The suggestion popped up on Twitter and immediately got my gears turning.
Vernon Hammond, a Western Big Six Conference aficionado with ties to both Rock Island and Quincy, sent a message to myself and three members of the Moline Dispatch/Rock Island Argus staff -- Marc Nesseler, Jeff Wendland and Steve Tappa -- with an idea that we collectively come up with a list of the best WB6 football and basketball players by position.
Hammond threw out ranking the top three at each position and based his idea off tweets he read comparing Quincy High School running back Jirehl Brock, the recent Iowa State commit, and former Rock Island tailback Alonzo Wise, who led the Rocks to the Class 5A state title game in 1997 and signed with Wisconsin.
So the question became this: Which standout would you take as the No. 1 running back in WB6 history?
Or do they go down as Nos. 1A and 1B in league history? If so, who is No. 3 on the running back list?
It's an intriguing idea Hammond presented and one that could create a fun project. These aren't lists that can be compiled overnight. Conversations with coaches, administrators and athletes who span the league's nearly 50-year history need to happen to ensure the scope isn't limited a reporter's tenure.
And you want to be sure out of sight doesn't mean out of mind.
In three days of occasionally thinking it through, I already find that happening.
I began jotting a list of names of Quincy players to consider. The first few were quite obvious -- Brock, quarterback Eric Bush, running back Alex Douglas and offensive lineman Curtis Lovelace. Each had made a name for themselves in the sport, and three of the four are inducted into the Quincy Blue Devil Sports Hall of Fame.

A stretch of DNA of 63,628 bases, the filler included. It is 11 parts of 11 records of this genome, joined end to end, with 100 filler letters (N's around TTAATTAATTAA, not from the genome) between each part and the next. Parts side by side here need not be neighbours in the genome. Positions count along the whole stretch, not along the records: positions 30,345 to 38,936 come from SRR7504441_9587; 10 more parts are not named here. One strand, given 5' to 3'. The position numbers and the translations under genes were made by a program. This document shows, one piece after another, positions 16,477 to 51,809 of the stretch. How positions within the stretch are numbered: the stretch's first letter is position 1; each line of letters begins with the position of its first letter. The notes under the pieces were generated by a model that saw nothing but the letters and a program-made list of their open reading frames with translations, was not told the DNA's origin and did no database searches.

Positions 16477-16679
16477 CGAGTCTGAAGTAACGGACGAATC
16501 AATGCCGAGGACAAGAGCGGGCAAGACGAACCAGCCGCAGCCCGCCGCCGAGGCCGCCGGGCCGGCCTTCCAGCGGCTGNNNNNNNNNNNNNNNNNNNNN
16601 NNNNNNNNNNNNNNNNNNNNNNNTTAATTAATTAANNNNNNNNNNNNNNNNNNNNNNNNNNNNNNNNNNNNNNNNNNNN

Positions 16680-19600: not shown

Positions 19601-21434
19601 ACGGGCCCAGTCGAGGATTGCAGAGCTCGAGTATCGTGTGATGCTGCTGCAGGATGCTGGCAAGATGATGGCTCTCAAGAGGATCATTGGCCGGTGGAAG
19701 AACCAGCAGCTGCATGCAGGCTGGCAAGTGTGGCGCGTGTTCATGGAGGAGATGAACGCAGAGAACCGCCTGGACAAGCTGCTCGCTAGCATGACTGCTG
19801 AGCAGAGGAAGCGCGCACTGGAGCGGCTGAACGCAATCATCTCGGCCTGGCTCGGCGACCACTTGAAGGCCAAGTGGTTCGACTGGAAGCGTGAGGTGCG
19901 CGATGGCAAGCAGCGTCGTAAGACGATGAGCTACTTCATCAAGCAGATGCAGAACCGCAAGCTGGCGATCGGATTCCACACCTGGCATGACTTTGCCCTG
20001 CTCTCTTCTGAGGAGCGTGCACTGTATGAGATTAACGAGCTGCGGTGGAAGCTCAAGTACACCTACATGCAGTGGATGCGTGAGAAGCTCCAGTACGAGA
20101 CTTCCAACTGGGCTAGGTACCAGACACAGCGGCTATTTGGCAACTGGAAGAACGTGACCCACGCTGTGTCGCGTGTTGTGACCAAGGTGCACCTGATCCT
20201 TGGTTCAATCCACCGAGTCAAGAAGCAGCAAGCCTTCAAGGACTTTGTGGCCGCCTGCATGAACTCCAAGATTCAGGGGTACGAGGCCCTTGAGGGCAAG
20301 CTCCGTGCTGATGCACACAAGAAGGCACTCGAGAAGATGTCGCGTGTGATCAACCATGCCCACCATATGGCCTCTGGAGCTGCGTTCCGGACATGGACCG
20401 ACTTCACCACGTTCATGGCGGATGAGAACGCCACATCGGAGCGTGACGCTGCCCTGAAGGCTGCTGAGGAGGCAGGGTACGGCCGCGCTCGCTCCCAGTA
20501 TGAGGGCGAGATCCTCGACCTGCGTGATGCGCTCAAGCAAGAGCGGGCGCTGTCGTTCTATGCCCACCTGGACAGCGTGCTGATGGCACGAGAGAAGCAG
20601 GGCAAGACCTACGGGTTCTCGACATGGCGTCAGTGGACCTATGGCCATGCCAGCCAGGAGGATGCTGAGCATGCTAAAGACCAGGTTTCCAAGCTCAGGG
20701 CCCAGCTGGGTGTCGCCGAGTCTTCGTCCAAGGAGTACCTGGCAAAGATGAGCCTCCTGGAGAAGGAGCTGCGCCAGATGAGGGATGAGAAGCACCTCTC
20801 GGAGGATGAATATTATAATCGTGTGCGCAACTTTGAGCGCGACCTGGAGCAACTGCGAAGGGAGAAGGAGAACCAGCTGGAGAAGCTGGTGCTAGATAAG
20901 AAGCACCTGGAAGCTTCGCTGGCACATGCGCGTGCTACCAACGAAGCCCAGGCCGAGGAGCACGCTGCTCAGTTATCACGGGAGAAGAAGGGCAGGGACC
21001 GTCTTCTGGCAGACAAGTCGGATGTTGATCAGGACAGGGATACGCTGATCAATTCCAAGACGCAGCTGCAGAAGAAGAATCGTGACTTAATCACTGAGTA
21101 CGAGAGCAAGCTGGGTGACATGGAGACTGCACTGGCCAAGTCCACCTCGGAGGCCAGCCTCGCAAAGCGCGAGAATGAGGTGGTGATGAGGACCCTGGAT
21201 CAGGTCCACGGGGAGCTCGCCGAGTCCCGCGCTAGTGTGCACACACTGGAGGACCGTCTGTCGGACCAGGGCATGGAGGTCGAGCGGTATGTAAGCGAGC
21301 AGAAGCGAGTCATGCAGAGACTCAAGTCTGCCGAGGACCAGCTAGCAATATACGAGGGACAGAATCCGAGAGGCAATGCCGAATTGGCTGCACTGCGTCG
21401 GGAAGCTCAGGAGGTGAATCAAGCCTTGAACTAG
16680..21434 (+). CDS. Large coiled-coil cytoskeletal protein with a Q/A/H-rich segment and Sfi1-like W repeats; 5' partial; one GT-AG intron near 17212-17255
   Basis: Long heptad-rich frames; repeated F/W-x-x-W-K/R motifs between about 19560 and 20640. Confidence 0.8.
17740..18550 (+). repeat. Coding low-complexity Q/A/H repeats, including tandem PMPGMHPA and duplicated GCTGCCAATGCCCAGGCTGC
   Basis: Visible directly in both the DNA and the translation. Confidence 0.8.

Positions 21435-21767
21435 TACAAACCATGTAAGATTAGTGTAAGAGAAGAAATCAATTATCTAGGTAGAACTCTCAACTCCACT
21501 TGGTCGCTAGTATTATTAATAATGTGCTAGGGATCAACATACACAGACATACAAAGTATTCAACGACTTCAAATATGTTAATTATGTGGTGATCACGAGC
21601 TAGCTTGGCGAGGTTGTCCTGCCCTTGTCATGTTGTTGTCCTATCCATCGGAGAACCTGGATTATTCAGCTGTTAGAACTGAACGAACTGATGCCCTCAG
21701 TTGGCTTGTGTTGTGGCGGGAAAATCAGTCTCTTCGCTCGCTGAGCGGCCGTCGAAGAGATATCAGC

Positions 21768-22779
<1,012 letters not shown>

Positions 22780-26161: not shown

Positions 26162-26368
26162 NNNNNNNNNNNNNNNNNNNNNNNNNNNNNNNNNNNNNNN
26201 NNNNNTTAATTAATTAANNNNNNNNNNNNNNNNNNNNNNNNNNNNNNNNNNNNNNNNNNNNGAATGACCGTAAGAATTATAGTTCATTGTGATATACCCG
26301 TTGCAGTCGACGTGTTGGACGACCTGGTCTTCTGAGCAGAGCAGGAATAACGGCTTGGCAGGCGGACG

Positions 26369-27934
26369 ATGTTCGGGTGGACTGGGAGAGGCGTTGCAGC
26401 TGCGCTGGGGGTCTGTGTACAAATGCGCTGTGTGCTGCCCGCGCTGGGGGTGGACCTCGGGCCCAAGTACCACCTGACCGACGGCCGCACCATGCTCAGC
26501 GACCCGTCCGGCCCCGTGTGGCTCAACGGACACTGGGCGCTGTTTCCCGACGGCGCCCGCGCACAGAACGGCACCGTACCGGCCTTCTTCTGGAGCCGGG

Brock has at least 11 years until he joins that group.
That's when my mind started spinning.
How do you judge the best offensive linemen when teams ran such varying offenses throughout five decades? Can you say a linebacker from the 1970s was more dominant than a linebacker from the 2000s? Do the stats even compare.? How much does Quincy's history impact the number of players it might have on the list?
I happened to be thinking about all of these things driving down a country road with the windows down and the radio blaring when I nearly hit the brakes.
"Kerry Anders," I said to myself. "Don't forget Kerry Anders."
A 1972 graduate of Quincy and who made it to the final round of cuts with the St. Louis Cardinals following a stellar career at Missouri Southern, Anders is one of the greatest all-around athletes in QHS history. He was equally dangerous as a wide receiver and a kick returner and was an honorable mention All-American at Missouri Southern.
No one currently covering the league ever saw him play, but his legacy is unforgettable.
There are undoubtedly others like that at each of the league's six schools. It becomes a matter of making sure they aren't forgotten.
Each day, I come up with another Quincy name to add to the discussion. Some might make it, some might not. Regardless, each has a place in the history of the league.
Already this is an intriguing stroll through history, and the longer it goes, it promises to be quite a trip.